Steampunk World's Fair 2012
The Steampunk World's Fair 2012 was held May 18 - 20 in Piscataway, New Jersey. Take a look at some scenes from this year's event.
From event organizer Jeff Mach, "Steampunk is a genre and artistic movement based around imagination and flights of fancy involving a sort of Victorian science fiction. Its name was given to it by author K.W. Jeter, whose book Infernal Devices was called a 'mad Victorian fantasy.'" Mach said there were more than 4,000 attendees at the festival, which featured musical performances, vaudeville and variety acts, authors, artists, and more. There were also a wide variety of vendors, some of whose wares were purely steampunk, and others that swapped and played with genres.
He noted one thing that made the event particularly unique is that, unlike steampunk events that strongly discourage attendees to dress in non-steampunk attire, the World's Fair invites people to come dressed however they'd like. This led to an impressive number and scope of steampunk and steam-inspired costuming. Mach theorized, "The thing is, when you tell people that they don't have one single set of rules, but can play by lots of rules, then they feel free to take their existing garb and outfits and modify them, which is less daunting and more exciting than trying to be a steampunk `purist'. For example, a Renfaire Pirate who becomes an Airship Pirate is not only going to worry less that she'll feel out of place, but she'll also start her steampunk costume from a pirate costume she may have worked on for years. And if some people show up in jeans, great! As long as people are relaxed, we're happy."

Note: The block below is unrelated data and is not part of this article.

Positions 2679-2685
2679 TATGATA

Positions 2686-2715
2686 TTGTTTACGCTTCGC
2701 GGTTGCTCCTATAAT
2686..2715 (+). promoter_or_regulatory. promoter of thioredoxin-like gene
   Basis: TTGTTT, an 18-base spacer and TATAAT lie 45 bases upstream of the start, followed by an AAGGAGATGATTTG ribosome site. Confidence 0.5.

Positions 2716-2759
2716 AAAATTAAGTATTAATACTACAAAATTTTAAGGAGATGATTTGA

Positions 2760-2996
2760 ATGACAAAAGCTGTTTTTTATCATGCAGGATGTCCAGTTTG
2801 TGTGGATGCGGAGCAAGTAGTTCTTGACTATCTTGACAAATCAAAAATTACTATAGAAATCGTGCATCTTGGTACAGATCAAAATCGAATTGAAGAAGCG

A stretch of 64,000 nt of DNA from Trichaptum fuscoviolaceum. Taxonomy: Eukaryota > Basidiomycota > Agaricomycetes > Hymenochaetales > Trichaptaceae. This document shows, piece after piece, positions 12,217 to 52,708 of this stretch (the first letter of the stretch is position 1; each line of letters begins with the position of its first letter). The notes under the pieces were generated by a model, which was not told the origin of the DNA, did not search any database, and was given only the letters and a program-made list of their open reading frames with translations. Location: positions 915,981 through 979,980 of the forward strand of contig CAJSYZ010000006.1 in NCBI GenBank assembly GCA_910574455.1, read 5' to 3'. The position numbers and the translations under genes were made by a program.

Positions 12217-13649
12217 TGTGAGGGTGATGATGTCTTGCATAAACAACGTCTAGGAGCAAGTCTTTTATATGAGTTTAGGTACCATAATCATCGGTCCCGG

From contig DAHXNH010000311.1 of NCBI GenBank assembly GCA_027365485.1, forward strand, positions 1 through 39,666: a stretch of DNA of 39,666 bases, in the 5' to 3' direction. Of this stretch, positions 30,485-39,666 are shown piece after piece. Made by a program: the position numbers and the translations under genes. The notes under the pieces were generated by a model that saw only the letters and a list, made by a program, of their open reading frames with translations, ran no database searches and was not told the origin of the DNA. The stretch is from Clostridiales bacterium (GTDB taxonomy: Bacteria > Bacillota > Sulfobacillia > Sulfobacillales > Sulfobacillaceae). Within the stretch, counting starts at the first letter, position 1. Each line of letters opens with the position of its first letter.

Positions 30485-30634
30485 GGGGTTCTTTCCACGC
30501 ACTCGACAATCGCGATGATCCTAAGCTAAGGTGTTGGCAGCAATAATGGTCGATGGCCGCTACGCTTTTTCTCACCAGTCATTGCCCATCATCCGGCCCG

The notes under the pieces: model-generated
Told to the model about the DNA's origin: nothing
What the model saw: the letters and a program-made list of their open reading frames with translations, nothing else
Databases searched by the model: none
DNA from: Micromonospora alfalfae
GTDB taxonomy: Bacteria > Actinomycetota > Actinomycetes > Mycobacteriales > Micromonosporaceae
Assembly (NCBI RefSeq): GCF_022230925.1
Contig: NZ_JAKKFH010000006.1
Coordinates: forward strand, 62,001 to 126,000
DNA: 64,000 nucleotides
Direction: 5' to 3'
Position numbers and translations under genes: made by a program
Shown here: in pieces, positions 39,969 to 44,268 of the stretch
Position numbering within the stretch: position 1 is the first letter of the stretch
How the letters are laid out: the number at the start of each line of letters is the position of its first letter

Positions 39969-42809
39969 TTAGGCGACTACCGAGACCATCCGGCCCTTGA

Photo credit: Knightmare6
Sonja Thompson has worked for TechRepublic since October of 1999. She is currently a Senior Editor and the host of the several blogs.
These pictures make me regret not going even more! My time and $$$ situations weren't right for this. I have been to events that Jeff has put on in the past and I can promise you that if you can find a way to get to one, you'll enjoy it. J.Ja
Most steampunk works assume hazy skies and choking smog from the fires and smokes of heavy industry in and around overcrowded cities. Some other genre works that predate the popularization of the term are Michael Moocock's "Nomad of the Time Streams" trilogy -- "The Warlord of the Air," "The Land Leviathan" and "The Steel Tsar" -- and William Gibson and Bruce Sterling's collaboration, "The Difference Engine."
"Steampunk" has been around long enough and in wide enough circulation not to require definition. Most well informed readers may be expected to have at least some passing familiarity with the genre. Now terms like "OS" or "ETL"..... Nice thing about the internet is it allows easy reference as an alternative to otherwise more or less superfluous verbiage. It's one of the nice efficiencies of the media, no? I don't think pretension to being 'hip' had anything to do with it. Rather I'd say an urgency to economy did. Steampunk isn't really a hipster thing...it's actually been around a bit longer than the resurrection of that term, itself.
Good grief, it must have taken an entire fifteen seconds for you to type steampunk into google and get the answer, and you feel hard done by? I look things up every day. It's called "learning". Sonja did no "great disservice" to anyone and I think it's entirely unfair for you to criticize her in that way. These photos are meant to be a bit of fun and I for one quite enjoyed them, thanks Sonja. :) PS - just for the record, I've been familiar with the term steampunk ever since I read the novel "The Difference Engine" way back in the early 1990s. It's that familiarity that made me come here and check out the pics.